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A Foundation for Living

Rev. Reid
Rev. Reid
Rev. Reid

Understanding Suffering

A woman was at work when she received a phone call that her daughter was very sick with a fever. She hurried to her car only to find out she had locked her keys inside. As she was about to give up, God sent a man who had just got out of prison to open her car with a hanger.
Sometimes in our effort to overcome suffering, help comes from odd places. In the book of James we are told to rejoice under the cross and to ask God for patience in our trials. The book tells us not to attribute our weakness to the lack of strength we receive from Christ but rather to respond to His Word with prayer and meditation and to get to work.
From early times to the present we have been asking why there is so much suffering in the world. As we review the terrible events that happen with the beheading of Christians and the police shooting in Ferguson, Missouri, I imagine there was and is untold suffering going on. If God is our maker, why is there so much suffering? If God is love and compassion, why is there so much pain, death and destruction in the world? There does not seem to be satisfactory answers to these questions. But if you understand Jesus you will understand the answer. We suffer because there is no other way to grow spiritually. We suffer because only through suffering can we become aware. And awareness is the key, and believe it or not, there is a reward for suffering when we understand it.
There are two ways of understanding suffering. The first way to understand suffering is to see it as a blessing that brings alertness and awareness. What do I mean? I mean it is only after we suffer that we become truly aware of what we need to do to serve God better. The Bible says, “Blessed is the man who perseveres under trial.” Only those who have suffered and gone beyond the things of this world are able to persevere through suffering. Those who have not grown, they have to learn through greater suffering. Suffering through the same mistakes is learning the hard way. There is no shortcut. That hard way is greater suffering. Don’t protect yourself against suffering; rather on the contrary, move into suffering as fully aware as possible. Take the challenge, encounter it! You will grow through it. Try to transcend it, go beyond it. Become alert when you are in pain. The more alert you are, the more aware.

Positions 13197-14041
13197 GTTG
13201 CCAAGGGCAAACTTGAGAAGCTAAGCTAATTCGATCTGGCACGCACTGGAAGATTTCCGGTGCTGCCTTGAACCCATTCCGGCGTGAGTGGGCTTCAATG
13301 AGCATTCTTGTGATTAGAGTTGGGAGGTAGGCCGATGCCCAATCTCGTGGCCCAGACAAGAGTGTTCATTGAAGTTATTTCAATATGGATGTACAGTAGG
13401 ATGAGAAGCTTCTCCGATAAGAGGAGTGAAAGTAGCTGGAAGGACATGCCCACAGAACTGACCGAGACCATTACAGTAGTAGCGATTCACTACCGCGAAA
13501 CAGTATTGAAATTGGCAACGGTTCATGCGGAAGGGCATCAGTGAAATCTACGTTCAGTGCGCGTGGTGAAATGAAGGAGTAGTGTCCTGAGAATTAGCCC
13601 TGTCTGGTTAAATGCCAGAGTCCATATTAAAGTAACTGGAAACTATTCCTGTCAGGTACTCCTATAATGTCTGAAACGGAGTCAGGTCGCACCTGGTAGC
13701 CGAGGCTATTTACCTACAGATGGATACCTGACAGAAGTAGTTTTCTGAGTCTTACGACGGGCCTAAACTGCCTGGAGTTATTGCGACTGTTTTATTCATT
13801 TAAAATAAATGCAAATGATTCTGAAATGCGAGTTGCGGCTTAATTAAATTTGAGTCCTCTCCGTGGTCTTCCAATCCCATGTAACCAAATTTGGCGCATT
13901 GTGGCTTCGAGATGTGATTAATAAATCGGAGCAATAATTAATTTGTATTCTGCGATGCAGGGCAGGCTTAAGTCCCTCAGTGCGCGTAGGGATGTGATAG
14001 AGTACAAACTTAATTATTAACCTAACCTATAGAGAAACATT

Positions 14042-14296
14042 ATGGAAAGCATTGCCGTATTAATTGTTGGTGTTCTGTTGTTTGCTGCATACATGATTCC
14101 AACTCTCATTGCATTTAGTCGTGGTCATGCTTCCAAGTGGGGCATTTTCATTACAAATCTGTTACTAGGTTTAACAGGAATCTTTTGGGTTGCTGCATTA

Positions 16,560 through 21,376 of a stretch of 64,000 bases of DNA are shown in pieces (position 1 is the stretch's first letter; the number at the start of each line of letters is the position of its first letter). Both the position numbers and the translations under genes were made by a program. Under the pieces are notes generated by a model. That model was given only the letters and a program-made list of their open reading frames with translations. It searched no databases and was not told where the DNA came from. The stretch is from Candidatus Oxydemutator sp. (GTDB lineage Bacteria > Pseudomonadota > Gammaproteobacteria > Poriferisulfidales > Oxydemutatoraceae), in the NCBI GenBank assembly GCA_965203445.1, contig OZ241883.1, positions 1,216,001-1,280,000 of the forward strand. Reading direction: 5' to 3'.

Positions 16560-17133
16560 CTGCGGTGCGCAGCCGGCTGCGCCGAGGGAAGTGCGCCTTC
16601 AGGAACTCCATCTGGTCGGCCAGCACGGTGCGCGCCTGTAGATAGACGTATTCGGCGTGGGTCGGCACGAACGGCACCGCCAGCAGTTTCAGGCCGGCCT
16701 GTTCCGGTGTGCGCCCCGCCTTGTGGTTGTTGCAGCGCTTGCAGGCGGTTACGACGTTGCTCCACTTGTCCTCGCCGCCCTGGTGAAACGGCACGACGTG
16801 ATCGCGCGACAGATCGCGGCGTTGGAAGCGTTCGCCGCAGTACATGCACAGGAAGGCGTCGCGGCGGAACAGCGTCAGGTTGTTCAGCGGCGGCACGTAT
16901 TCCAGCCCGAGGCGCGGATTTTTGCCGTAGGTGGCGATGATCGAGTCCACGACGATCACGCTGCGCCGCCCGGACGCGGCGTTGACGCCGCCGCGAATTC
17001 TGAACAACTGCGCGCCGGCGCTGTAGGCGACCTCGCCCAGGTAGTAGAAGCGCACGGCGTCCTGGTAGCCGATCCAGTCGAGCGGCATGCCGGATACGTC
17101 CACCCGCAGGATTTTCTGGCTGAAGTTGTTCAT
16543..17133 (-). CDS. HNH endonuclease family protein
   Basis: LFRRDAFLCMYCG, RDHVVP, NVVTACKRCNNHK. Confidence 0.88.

The second way to understand suffering is to see it as the favor of God. Hebrews 12: 6 says, “The Lord disciplines the one he loves, and he chastens everyone he accepts as his son.” The scriptures say, “Blessed is the man who perseveres under trial, because when he has stood the test, he will receive the crown of life that God has promised to those who love him.” To suffer is to live. Jesus on the cross is a symbol of the final suffering, the absolute suffering, of the peak of suffering. When Jesus was on the cross, at the last moment he wavered a little. The suffering was too much. It was no ordinary suffering, not ordinary bodily pain; it was anguish – not only physical, but deep psychological anguish. And the anguish was this: that suddenly He started feeling, “Am I abandoned by God? Why should this happen to me? I have not done anything wrong. Why should I be crucified? Why this pain? Why this suffering?! And He asked God, “Why?” He questioned. It must have been a very deep moment of anguish, when all the foundations are shaken and even your faith is shaken. The pain was so much – the humiliation of the whole thing. Then suddenly He became aware; at the moment of crucifixion He came to the perfect awareness. At that moment He went from Jesus to Christ– suddenly He took His place in the Trinity. When we understand suffering as a blessing and favor of God we are able to endure it and receive the “crown of life that God has promised to those who love him.” Like the blessing and favor bestowed upon Jesus, in our moment of greatest despair, God does for us what we cannot do for ourselves and because we love Him, He will see us through anything.